Cynthia Lummis Votes Against Healthcare Benefits For Military Veterans, Cites Costs
On Wednesday, The House of Representatives voted on the 'Sergeant First Class Heath Robinson Honoring Our Promise to Address Comprehensive Toxics (PACT) Act of 2022' in a bipartisan effort to focus more on the healthcare of veterans that were exposed to toxic substances during their military service.
According to Newsweek, "The bill provides mental health services, counseling and other forms of medical care through the Department of Veterans Affairs (VA). Veterans eligible for such care include those who 'participated in a toxic exposure risk activity,' which is designated as a required 'qualifying activity' as part of an exposure tracking record system."
The bill was passed with a 342-88 vote on Wednesday, with 88 Republicans voting against the bill.
On June 16, 2022, a different version of the bill was presented to the Senate, which was sent back to Senate due to "an obscure tax provision."
Senator Lummis, along with 13 other Republicans, voted against the bill, known as the 'PACT' Act of 2022.
Lummis stated that the reason she voted against the bill was entirely due to how much it would cost.
“I voted against the PACT Act," Lummis told K2 Radio News via a written statement. "It is critical that we provide care for veterans who were exposed to toxic burn pits during their service. However, I am concerned about some of the illnesses, like hypertension also known as high blood pressure, that are currently listed as presumed to be caused by military service. Hypertension is found in 74 percent of Americans over age 60 regardless of military service, and its inclusion in the bill would cost us more than $37 billion. Inclusion of diseases like this have ballooned the cost of the bill to more than $277 billion. I was hopeful Senator Schumer would allow a robust amendment process, and I offered amendments to cut this very expensive section of the bill, but Senator Schumer refused to allow any amendments at all.”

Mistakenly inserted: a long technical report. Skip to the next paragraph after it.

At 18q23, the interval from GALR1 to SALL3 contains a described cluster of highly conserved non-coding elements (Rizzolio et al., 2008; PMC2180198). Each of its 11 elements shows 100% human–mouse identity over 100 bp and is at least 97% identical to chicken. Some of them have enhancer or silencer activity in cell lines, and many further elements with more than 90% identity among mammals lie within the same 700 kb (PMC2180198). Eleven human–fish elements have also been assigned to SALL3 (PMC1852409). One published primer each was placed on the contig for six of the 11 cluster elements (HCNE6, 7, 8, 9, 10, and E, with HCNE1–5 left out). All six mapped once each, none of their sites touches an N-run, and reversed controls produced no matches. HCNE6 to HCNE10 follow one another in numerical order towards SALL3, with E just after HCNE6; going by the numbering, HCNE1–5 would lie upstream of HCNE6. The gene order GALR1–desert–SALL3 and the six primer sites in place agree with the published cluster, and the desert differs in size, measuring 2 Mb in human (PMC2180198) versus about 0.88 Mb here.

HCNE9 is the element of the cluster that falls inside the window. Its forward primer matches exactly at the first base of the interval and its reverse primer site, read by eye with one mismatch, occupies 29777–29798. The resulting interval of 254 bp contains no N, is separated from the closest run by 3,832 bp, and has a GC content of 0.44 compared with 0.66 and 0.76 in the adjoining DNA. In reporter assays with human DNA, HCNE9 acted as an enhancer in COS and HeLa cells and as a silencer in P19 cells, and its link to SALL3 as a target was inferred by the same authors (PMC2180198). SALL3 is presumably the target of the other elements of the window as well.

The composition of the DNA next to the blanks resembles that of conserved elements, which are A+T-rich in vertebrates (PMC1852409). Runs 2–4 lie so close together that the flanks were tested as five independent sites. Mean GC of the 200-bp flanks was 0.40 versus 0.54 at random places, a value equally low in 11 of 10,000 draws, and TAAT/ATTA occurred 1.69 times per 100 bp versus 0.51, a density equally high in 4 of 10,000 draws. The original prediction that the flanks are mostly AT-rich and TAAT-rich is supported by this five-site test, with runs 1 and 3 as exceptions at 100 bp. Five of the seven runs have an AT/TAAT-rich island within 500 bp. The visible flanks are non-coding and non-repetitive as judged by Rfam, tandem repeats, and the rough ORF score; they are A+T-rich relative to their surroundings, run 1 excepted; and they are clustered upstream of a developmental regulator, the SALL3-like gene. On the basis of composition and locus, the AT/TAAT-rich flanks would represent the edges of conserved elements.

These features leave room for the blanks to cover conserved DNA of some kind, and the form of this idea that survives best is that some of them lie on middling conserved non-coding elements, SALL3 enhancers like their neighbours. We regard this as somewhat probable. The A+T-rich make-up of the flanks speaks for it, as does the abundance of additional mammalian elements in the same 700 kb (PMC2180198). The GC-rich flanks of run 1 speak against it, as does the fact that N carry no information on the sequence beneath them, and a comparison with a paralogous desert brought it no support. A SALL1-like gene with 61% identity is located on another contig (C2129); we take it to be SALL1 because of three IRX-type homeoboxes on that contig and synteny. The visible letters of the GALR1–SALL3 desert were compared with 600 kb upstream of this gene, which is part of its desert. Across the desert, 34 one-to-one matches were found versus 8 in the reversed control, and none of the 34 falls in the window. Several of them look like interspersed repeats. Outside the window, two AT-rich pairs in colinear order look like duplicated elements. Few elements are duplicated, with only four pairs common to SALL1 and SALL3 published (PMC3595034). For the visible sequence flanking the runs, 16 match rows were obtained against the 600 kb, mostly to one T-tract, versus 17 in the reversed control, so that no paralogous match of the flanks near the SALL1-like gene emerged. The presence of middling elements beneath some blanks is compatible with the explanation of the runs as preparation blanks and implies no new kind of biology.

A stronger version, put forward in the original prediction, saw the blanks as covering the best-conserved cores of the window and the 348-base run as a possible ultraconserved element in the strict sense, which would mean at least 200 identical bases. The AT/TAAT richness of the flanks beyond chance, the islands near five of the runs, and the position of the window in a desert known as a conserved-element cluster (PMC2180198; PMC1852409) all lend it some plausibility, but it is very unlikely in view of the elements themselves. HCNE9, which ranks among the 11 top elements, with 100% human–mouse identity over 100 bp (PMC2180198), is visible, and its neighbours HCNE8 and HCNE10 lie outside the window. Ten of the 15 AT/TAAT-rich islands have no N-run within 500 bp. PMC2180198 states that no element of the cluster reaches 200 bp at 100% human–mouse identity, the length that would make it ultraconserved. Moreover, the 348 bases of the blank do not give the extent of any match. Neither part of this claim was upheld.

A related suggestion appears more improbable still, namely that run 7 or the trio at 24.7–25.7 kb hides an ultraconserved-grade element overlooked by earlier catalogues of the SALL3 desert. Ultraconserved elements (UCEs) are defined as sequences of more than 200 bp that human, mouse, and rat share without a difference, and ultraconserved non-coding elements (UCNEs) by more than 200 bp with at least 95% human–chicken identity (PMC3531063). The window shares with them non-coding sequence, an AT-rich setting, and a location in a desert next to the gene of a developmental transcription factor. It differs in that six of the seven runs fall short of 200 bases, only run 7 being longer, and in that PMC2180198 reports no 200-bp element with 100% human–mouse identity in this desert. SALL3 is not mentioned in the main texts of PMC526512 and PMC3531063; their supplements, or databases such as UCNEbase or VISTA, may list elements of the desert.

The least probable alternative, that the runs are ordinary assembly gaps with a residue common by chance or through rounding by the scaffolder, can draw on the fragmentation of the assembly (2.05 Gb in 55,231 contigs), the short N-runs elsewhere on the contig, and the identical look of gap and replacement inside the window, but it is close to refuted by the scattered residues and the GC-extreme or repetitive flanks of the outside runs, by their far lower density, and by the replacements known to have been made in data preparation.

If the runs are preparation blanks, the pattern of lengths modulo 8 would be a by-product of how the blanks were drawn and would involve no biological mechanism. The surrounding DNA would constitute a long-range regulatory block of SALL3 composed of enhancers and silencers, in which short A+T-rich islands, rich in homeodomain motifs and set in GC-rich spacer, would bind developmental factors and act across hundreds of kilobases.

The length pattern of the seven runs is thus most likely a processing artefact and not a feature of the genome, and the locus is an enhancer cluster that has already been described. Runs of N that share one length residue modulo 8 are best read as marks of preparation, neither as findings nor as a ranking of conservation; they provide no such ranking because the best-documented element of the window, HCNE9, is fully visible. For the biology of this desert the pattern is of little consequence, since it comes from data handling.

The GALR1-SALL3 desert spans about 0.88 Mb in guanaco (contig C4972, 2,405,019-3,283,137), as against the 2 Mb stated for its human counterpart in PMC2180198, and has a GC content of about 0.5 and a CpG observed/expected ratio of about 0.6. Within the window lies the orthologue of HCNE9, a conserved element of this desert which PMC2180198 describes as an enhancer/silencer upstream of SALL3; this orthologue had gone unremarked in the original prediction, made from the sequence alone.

Roll Call reported that the revised bill removed the tax provision, yet it was still voted against by several Republican leaders.
An even earlier version of the bill was introduced in March of this year and 174 Republicans voted against it.
"Republicans who voted in opposition argued that the measure, which has a $300 billion price tag over 10 years, would add too much to the country’s deficit and exacerbate backlogs at VA," The Washington Post reported.
Nancy Pelosi said that Republicans were more concerned about "tax cuts for the rich [than] cancer for our veterans."
American Independent reports that "The Sergeant First Class Heath Robinson Honoring our Promise to Address Comprehensive Toxics Act of 2022 would create an interagency Toxic Exposure Research Working Group responsible for planning and expanding federally funded research on toxic exposure; provide more health coverage for service members exposed to burn pits and Agent Orange; and extend health care eligibility to 3.5 million combat veterans who served over the past 21 years."
Specifically, the bill focuses on veterans who were part of the military post 9/11.
"During America’s post-9/11 wars in Iraq and Afghanistan, huge open-air pits were used to burn mountains of trash including food packaging, human waste and military equipment on US military bases," Yahoo News reported. "Thousands of US service members returned home from deployment and developed health conditions including rare cancers, lung conditions, respiratory illnesses and toxic brain injuries caused by breathing in the toxic fumes from the pits."
The man from which the bill is named, is Sgt. First Class Heath Robinson. Sgt. Robinson died in May of 2020 from cancer that was caused by breathing in toxic fumes from burn pits while he served in Iraq via the Ohio National Guard.
He was 39 years old.
Editor's Note: In an earlier version of this story, K2 Radio News erroneously stated that Senator Lummis was part of the House of Representatives and that she voted against the bill on July 13, 2022. K2 Radio News has corrected this mistake and included comments from Senator Lummis. We regret and apologize for the error.